Genetic studies of blood pressure (BP) to date have mainly analyzed common variants (minor allele frequency > 0.05). In a meta-analysis of up to ~1.3 million participants, we discovered 106 new BP-associated genomic regions and 87 rare (minor allele frequency ≤ 0.01) variant BP associations (P < 5 × 10), of which 32 were in new BP-associated loci and 55 were independent BP-associated single-nucleotide variants within known BP-associated regions. Average effects of rare variants (44% coding) were ~8 times larger than common variant effects and indicate potential candidate causal genes at new and known loci (for example, GATA5 and PLCB3). BP-associated variants (including rare and common) were enriched in regions of active chromatin in fetal tissues, potentially linking fetal development with BP regulation in later life. Multivariable Mendelian randomization suggested possible inverse effects of elevated systolic and diastolic BP on large artery stroke. Our study demonstrates the utility of rare-variant analyses for identifying candidate genes and the results highlight potential therapeutic targets.
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http://dx.doi.org/10.1038/s41588-020-00713-xDOI Listing
http://www.ncbi.nlm.nih.gov/pmc/articles/PMC7610439PMC
December 2020

Clinical Evaluation of the Polygenetic Background of Blood Pressure in the Population-Based Setting.

Hypertension 2021 01 23;77(1):169-177. Epub 2020 Nov 23.

Department of Emergency and Internal Medicine, Skåne University Hospital, Malmö, Sweden (O.M.).

The clinical value of the polygenetic component of blood pressure (BP) is commonly questioned. We evaluated a genetic risk score for BP (BP-GRS), based on the most recently published genome-wide association studies variants that were significantly associated with either systolic BP or diastolic BP, for prediction of hypertension and cardiovascular end points. The genotyping was performed in 2 urban-based prospective cohorts: the Malmö Diet and Cancer (n=29 295) and the Malmö Preventive Project (n=9367) and a weighted BP-GRS based on 858 SNPs was calculated. At baseline, we found a difference of 9.0 mm Hg (systolic BP) and 4.8 mm Hg (diastolic BP) between the top and the bottom quartile of BP-GRS. In Malmö Preventive Project, the top versus bottom quartile of BP-GRS was associated with a doubled risk of incident hypertension (odds ratio, 2.05 [95% CI, 1.75-2.39], =1.4×10), a risk higher than that of body mass index, as evaluated in quartiles. In Malmö Diet and Cancer, significant association was found between the age and sex-adjusted BP-GRS and the incidence of total cardiovascular events, stroke, coronary artery disease, heart failure, atrial fibrillation, and total mortality. Most of these associations remained significant after adjusting for traditional risk factors, including hypertension. BP-GRS could contribute predictive information regarding future hypertension, with an effect size comparable to other well-known risk factors such as obesity, and predicts cardiovascular events. Given that the exposure to high polygenetic risk starts at birth, we suggest that the BP-GRS might be useful to identify children or adolescents who would benefit from early hypertension screening and treatment.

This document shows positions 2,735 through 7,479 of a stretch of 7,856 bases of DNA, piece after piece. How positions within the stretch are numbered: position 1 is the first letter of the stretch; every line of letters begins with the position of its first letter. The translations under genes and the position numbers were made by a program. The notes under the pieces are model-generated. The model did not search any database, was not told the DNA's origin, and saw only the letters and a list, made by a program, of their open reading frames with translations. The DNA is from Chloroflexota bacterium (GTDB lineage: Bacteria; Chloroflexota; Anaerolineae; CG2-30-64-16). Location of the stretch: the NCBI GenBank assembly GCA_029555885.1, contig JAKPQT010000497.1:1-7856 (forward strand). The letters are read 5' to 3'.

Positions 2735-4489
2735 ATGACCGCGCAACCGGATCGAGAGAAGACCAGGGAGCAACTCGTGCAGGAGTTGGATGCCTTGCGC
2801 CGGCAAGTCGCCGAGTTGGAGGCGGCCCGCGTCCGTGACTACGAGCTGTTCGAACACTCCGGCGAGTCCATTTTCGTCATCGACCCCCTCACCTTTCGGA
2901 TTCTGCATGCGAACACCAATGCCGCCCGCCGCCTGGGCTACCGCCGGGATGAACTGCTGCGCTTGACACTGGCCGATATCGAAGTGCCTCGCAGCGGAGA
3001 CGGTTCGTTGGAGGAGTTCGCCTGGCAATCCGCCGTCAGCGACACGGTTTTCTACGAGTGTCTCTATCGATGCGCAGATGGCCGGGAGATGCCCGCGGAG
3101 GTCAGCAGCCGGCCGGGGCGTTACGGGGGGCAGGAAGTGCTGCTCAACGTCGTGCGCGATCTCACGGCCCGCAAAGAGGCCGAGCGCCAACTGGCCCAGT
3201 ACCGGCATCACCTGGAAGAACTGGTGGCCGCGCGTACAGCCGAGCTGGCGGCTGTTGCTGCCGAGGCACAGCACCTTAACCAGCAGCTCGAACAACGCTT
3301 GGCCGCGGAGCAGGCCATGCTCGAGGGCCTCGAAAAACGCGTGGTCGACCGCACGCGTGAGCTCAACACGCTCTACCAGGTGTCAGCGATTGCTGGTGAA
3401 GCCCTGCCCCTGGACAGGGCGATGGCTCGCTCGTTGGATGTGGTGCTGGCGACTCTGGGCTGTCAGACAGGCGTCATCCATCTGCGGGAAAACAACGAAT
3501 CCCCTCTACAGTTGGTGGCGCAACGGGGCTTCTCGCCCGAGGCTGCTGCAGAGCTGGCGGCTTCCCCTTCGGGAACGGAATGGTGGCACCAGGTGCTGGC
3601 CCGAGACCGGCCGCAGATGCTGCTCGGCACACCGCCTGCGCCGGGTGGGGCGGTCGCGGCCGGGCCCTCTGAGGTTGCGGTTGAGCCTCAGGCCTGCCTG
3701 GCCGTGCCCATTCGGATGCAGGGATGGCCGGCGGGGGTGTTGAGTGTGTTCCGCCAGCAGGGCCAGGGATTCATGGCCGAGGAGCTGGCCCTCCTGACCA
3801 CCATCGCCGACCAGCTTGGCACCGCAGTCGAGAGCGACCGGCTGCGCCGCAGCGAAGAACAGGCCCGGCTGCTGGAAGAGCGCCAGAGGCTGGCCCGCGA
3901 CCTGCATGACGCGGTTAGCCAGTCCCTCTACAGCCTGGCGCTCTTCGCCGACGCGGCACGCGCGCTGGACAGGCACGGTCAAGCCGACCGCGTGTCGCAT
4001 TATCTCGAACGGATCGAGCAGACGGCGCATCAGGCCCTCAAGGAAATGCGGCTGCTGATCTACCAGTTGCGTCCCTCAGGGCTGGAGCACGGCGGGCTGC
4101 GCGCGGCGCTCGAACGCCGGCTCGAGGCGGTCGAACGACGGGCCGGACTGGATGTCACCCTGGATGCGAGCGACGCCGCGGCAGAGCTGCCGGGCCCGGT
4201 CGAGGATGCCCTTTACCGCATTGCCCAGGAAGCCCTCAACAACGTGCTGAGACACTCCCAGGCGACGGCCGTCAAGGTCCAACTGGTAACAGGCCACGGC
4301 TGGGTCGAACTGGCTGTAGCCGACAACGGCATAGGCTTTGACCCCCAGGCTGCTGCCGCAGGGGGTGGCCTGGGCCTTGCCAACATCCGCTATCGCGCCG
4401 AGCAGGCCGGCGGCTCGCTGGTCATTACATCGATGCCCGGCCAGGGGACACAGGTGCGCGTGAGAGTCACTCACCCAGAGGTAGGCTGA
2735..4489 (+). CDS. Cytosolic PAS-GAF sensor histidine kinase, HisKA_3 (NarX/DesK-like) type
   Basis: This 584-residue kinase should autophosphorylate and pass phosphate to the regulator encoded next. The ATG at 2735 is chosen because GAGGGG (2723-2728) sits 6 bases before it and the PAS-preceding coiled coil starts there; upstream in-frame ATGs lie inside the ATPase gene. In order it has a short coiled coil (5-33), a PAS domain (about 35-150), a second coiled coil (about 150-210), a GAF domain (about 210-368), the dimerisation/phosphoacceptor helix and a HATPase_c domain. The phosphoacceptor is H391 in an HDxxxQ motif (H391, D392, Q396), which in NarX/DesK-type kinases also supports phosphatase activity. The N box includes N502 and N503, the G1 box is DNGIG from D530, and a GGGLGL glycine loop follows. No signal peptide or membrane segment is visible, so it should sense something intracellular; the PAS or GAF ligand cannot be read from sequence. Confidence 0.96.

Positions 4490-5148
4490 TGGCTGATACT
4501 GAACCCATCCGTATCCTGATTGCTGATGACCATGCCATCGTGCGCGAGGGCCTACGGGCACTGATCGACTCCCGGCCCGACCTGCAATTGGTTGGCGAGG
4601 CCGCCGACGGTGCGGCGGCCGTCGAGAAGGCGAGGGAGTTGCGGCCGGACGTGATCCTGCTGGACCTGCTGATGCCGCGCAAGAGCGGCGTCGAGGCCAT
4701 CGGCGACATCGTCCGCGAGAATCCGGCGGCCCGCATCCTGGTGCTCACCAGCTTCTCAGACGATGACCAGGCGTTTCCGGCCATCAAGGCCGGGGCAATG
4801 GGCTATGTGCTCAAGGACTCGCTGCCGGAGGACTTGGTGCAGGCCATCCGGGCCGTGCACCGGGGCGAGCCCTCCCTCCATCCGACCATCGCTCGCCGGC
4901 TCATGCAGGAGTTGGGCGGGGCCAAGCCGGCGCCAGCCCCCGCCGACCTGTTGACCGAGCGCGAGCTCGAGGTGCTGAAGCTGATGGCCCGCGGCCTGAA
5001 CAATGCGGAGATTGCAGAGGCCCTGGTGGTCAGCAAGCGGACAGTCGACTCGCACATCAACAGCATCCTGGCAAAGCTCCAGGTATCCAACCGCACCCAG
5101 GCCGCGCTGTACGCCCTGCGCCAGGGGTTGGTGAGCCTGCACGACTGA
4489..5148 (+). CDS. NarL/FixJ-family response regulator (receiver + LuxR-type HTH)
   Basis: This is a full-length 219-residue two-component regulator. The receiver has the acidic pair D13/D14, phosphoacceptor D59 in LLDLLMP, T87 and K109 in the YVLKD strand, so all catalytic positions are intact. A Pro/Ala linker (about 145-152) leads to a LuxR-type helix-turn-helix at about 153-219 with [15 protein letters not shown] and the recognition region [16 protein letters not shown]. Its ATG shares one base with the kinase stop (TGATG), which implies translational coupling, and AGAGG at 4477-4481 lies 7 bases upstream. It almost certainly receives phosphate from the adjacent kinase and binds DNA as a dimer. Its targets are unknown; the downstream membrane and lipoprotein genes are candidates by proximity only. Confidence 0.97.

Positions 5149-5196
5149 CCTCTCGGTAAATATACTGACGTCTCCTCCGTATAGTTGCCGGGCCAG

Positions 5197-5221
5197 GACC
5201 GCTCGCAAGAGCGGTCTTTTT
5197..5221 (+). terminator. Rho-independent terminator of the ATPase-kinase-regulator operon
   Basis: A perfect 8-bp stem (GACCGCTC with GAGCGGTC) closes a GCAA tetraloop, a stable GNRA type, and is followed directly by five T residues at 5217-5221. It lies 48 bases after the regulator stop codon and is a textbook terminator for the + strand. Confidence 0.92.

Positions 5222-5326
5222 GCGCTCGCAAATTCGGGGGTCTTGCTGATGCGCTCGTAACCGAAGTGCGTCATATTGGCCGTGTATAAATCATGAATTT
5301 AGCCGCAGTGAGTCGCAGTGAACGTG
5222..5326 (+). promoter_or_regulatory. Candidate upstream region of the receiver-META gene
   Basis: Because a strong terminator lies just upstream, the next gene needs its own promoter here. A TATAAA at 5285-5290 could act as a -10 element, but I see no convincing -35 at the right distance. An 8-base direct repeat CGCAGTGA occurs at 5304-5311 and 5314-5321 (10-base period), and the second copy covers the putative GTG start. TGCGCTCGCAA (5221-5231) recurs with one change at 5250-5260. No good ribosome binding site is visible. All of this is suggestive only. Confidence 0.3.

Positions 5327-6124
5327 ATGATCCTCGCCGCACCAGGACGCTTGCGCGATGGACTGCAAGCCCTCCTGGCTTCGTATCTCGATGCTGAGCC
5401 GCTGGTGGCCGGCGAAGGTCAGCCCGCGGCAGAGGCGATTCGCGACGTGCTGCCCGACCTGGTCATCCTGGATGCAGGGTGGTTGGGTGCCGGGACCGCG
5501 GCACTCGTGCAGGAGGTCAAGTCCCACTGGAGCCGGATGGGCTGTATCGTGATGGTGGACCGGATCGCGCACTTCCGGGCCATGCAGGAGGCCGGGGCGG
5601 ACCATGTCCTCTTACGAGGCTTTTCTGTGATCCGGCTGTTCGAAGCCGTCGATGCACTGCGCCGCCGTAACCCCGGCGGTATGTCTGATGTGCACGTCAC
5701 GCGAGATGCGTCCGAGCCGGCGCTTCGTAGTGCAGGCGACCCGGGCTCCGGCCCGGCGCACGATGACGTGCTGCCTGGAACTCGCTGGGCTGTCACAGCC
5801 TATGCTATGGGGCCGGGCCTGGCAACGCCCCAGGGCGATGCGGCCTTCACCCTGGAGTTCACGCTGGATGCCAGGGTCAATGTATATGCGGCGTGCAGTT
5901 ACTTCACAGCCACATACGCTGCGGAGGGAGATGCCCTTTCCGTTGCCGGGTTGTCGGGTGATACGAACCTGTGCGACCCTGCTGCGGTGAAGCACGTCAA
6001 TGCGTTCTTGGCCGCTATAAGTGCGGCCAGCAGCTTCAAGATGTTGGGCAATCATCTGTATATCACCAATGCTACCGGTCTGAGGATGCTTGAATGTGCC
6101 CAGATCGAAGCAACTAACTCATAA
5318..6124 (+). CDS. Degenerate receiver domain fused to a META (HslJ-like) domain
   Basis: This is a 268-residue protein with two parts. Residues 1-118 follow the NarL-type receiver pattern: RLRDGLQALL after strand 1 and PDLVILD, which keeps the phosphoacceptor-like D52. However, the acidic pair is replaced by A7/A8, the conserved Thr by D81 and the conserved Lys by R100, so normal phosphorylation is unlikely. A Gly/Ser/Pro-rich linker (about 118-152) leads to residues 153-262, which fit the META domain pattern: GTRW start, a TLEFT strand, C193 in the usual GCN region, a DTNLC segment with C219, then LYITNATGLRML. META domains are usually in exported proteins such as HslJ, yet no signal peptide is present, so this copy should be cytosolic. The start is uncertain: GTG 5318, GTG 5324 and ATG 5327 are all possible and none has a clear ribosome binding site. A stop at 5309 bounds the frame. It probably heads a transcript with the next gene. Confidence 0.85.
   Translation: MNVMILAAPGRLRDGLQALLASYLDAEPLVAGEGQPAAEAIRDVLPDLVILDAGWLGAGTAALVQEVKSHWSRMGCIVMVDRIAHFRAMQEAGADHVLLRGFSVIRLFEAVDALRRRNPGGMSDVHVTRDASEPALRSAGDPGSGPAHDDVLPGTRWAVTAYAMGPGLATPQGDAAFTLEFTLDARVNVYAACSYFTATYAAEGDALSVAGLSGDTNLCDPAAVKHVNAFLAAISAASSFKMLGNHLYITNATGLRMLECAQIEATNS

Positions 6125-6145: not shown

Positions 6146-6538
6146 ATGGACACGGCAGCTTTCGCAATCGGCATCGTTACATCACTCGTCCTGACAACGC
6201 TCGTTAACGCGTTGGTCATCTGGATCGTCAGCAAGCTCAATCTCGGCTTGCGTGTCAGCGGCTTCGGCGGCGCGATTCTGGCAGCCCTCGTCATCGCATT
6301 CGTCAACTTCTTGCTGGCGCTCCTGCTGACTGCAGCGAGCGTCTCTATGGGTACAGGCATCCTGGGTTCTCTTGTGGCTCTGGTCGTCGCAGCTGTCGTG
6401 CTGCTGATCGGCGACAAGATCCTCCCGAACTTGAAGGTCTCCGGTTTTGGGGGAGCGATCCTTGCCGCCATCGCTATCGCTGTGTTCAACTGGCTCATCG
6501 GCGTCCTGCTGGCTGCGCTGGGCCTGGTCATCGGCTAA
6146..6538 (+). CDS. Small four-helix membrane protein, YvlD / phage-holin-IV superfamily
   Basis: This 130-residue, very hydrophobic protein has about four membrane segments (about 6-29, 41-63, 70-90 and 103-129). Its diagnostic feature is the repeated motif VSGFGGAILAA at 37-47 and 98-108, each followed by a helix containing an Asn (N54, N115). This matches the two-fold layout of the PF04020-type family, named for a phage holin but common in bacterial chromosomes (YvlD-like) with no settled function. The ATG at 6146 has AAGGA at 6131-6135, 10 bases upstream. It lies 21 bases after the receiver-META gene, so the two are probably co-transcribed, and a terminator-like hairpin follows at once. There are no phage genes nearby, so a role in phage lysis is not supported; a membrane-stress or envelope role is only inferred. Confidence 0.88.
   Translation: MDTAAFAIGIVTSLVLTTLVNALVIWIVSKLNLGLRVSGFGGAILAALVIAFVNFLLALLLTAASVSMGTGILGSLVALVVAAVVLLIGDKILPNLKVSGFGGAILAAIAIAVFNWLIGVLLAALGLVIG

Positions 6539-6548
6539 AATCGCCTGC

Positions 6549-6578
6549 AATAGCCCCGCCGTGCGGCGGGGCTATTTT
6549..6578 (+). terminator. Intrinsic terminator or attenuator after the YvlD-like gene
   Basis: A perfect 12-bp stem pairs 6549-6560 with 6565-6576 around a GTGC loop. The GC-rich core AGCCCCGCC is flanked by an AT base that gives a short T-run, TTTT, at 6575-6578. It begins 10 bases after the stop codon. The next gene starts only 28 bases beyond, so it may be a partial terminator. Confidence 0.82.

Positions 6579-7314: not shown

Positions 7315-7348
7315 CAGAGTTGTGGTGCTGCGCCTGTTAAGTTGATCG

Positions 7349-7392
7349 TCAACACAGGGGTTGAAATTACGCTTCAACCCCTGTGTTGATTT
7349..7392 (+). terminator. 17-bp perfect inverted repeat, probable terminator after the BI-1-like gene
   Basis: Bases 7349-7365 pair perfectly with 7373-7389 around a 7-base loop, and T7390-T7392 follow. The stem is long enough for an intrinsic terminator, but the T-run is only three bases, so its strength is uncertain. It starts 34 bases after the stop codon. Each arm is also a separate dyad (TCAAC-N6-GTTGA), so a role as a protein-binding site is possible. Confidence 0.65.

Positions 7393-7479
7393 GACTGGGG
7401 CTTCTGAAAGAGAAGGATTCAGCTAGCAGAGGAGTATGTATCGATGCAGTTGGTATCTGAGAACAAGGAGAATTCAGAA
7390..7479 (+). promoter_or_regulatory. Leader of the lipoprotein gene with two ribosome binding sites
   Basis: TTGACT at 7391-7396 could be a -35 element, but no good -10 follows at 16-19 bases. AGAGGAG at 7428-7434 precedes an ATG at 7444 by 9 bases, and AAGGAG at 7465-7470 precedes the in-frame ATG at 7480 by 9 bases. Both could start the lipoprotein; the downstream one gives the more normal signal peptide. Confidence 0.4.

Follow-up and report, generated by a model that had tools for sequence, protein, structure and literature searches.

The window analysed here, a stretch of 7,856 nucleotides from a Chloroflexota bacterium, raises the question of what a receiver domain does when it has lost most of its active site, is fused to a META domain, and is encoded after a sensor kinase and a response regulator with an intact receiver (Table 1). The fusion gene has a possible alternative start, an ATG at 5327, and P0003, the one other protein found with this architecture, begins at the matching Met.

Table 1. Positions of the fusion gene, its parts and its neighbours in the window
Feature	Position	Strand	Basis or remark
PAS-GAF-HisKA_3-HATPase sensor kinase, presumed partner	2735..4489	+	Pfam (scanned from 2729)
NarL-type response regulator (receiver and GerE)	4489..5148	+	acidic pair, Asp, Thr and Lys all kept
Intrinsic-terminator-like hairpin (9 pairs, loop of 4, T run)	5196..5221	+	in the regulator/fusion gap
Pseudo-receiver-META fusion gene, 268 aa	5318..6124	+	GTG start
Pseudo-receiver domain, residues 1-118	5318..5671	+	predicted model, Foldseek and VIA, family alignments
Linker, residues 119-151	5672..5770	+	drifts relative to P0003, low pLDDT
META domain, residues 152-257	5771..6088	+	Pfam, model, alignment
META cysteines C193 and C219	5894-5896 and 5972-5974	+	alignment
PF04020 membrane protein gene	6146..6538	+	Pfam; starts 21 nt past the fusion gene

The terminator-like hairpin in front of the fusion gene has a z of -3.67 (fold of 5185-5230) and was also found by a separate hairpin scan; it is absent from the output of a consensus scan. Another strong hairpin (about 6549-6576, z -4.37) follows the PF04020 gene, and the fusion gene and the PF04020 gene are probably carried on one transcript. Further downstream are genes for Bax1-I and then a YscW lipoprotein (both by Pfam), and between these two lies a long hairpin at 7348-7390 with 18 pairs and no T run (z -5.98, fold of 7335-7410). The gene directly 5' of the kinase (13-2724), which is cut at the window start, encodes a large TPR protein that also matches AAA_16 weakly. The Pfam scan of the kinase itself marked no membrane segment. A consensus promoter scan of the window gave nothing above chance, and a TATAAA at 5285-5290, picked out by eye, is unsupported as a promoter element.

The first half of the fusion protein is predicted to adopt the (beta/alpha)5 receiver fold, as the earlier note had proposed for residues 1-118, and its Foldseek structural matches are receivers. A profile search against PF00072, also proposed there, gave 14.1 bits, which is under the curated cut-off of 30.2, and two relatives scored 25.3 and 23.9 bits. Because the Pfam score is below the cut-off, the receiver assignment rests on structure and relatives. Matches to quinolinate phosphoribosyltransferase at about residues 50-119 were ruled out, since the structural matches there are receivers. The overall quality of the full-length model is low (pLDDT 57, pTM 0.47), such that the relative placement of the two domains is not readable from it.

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http://dx.doi.org/10.1161/HYPERTENSIONAHA.120.15449DOI Listing
January 2021

Plasma Vitamin C and Type 2 Diabetes: Genome-Wide Association Study and Mendelian Randomization Analysis in European Populations.

Diabetes Care 2021 01 17;44(1):98-106. Epub 2020 Nov 17.

Unit of Nutrition and Cancer, Cancer Epidemiology Research Program and Translational Research Laboratory; Catalan Institute of Oncology - ICO, Group of Research on Nutrition and Cancer, Bellvitge Biomedical Research Institute (IDIBELL), L'Hospitalet of Llobregat, Barcelona, Spain.